posted by reenum on Aug 26, 2011 - 125 comments

Does digital writing leave fingerprints?

"When legal teams need to prove or disprove the authorship of key texts, they call in the forensic linguists. Scholars in the field have tackled the disputed origins of some prestigious works, from Shakespearean sonnets to the Federalist Papers."
Decoding Your E-Mail Personality Ben Zimmer, of Language Log discusses the Facebook case and forensic linguistics in the NY Times. [more inside]
posted by iamkimiam on Aug 2, 2011 - 13 comments

Literal Wisconsin Supreme Court battle

Two weeks ago, the Wisconsin Supreme Court voted 4-3 [video] to reinstate the controversial anti-union Budget Repair Bill, which a district judge had declared void due to a law requiring 24 hours' public notice of meetings. The Supreme Court's deliberations were heated. The liberal Justice Ann Walsh Bradley now says that after she asked conservative Justice David Prosser to leave her office, he put his hands around her neck in a choke-hold. Justice Prosser denies the allegation. [more inside]
posted by East Manitoba Regional Junior Kabaddi Champion '94 on Jun 26, 2011 - 160 comments

Supreme Court: Suppressing fruit since 1920

Fruit of the poisonous tree is a legal term used to describe illegally gained evidence. The logic of the terminology is that if the source of the evidence is tainted, then anything gained from it is as well.

For the uninitiated, such terms used as described make for odd introductions to supreme court arguments (PDF warning) [more inside]
posted by AndrewKemendo on Apr 13, 2011 - 26 comments

Muzzle the Defense

The chances that a powerful person will make an error are much greater than those of a weak person. Scott Horton translates Benjamin Constant, references Robespierre, and offers insight on modern efforts to preclude meaningful trials in federal court. [more inside]
posted by fartknocker on Apr 2, 2011 - 20 comments

Conviction

Betty Anne Waters's brother Kenny was sent to prison for first degree murder and armed robbery in 1982. Over the next 16 years, Betty Anne got her GED, college degree, and law degree, all in an effort to prove Kenny was innocent. With the assistance of the Innocence Project, Betty Anne was able to use DNA evidence to show Kenny was innocent. [more inside]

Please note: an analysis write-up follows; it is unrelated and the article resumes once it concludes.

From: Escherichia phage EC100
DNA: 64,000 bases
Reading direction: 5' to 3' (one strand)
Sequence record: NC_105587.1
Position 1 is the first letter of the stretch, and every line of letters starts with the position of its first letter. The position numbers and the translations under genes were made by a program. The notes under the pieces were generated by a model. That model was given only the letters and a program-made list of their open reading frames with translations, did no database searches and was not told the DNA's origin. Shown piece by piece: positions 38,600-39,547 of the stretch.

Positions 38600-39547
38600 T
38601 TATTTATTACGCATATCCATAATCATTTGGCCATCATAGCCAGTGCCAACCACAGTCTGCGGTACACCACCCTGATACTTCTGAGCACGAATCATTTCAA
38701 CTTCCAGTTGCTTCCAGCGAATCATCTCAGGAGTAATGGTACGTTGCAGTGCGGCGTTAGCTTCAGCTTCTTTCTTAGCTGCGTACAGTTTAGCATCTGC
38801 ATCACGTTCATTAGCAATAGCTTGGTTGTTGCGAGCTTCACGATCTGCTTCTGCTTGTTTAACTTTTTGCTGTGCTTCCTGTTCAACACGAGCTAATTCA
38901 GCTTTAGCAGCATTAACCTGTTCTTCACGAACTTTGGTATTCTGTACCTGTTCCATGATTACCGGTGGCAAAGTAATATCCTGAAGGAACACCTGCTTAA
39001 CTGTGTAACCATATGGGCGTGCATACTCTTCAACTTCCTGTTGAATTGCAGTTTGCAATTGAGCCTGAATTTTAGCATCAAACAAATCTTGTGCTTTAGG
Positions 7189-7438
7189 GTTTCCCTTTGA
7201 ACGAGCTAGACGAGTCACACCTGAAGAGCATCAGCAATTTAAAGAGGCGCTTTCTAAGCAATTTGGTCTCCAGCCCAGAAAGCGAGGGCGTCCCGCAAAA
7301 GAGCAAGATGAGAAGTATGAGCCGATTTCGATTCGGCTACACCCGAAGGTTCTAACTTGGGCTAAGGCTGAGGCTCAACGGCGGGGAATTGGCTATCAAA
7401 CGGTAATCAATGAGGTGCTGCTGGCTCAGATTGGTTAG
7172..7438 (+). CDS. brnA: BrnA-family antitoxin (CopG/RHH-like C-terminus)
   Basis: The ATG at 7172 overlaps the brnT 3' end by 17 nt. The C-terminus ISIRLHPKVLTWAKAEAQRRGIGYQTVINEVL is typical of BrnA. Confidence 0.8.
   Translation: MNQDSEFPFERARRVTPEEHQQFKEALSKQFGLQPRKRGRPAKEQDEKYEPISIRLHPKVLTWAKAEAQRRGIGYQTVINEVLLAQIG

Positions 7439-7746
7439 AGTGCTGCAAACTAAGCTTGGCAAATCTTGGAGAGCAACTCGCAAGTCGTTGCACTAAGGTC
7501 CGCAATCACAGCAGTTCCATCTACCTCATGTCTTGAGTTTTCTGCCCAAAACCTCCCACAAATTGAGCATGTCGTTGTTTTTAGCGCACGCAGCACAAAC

posted by reenum on Mar 24, 2011 - 28 comments

"If you feel stupid, it's not because I'm making you feel that way."

What is a photocopier? Ten pages of Ohio Supreme Court testimony where a Cuyahoga County, Ohio, office worker deliberately tries to muddy the waters in a deposition. Hilarity ensues. "If you don't know what that means in an office setting, please tell the court you don't know what it means in an office setting to have a photocopying machine."
posted by Cool Papa Bell on Mar 18, 2011 - 85 comments

Jury nullification advocate accused of jury tampering

Scott Horton at Harpers.org writes about Julian P. Heicklen, a 78-year-old retired chemistry professor from New Jersey, now faces federal criminal charges for informing people entering the federal courthouse about the doctrine of jury nullification. Scott Horton's post is a response to the New York Times column on Mr. Heicklen. [more inside]
posted by fartknocker on Mar 1, 2011 - 102 comments

The most exciting C-Span proceedings… ever?

C-SPAN airs Prop 8 appellate trial live. Prop 8 was the ballot measure that removed the right to marry from same-sex couples. Covered previously, previously, ZOMG PREVIOUSLY. Expect fun arguments about standing!
posted by klangklangston on Dec 6, 2010 - 139 comments

Plaintiff Paul Hupp's Petition for Rehearing

Plaintiff has news for these slime ball, piece of shit, ass clown judges. (pdf)
posted by Avenger50 on Oct 29, 2010 - 35 comments

Judgement Day 2010

Today, June 28, 2010, marks the last day of the 2009-10 session of the Supreme Court of the United States. This day will mark a number of historical events, not only in terms of the cases to be handed down. [more inside]
posted by valkyryn on Jun 28, 2010 - 193 comments

Worst. Divorce. Ever.

A lawyer and her husband decide to get a divorce. Then, the lawyer loses her mind.
posted by reenum on Jun 10, 2010 - 131 comments

“There is no federal constitutional right to same-sex marriage.”

Elena Kagan will be officially nominated to replace John Paul Stevens today, ending weeks of speculation and controversy as to who would replace the retiring Supreme Court Justice. Significant criticism has hounded Kagan throughout the nomination process, as she has never tried a case in court (much like Earl Warren). Many worry that her notable statements and writings do not provide a clear progressive record; some go so far as to claim she is Obama's Harriet Miers.
posted by mek on May 9, 2010 - 186 comments

Not a prophet in his own land

Baltasar Garzón is a Spanish judge known for his cases on human right abuses by south american dictatorships under international law, specially the case against Augusto Pinochet. Now, after admitting a case against abuses during Franco's Era, he is facing accusations by extreme right groups of deliberately ignoring the Amnesty Law of 1977, possibly questionable under the same universal jurisdiction that gained him international renown. In a controversial decision, the case has been admitted by the Spanish Supreme Court, and so Garzón is facing the possibility of up to 20 years of suspension. [more inside]
posted by valdesm on Apr 14, 2010 - 14 comments

Jurors have a power so secret even they may not know about it.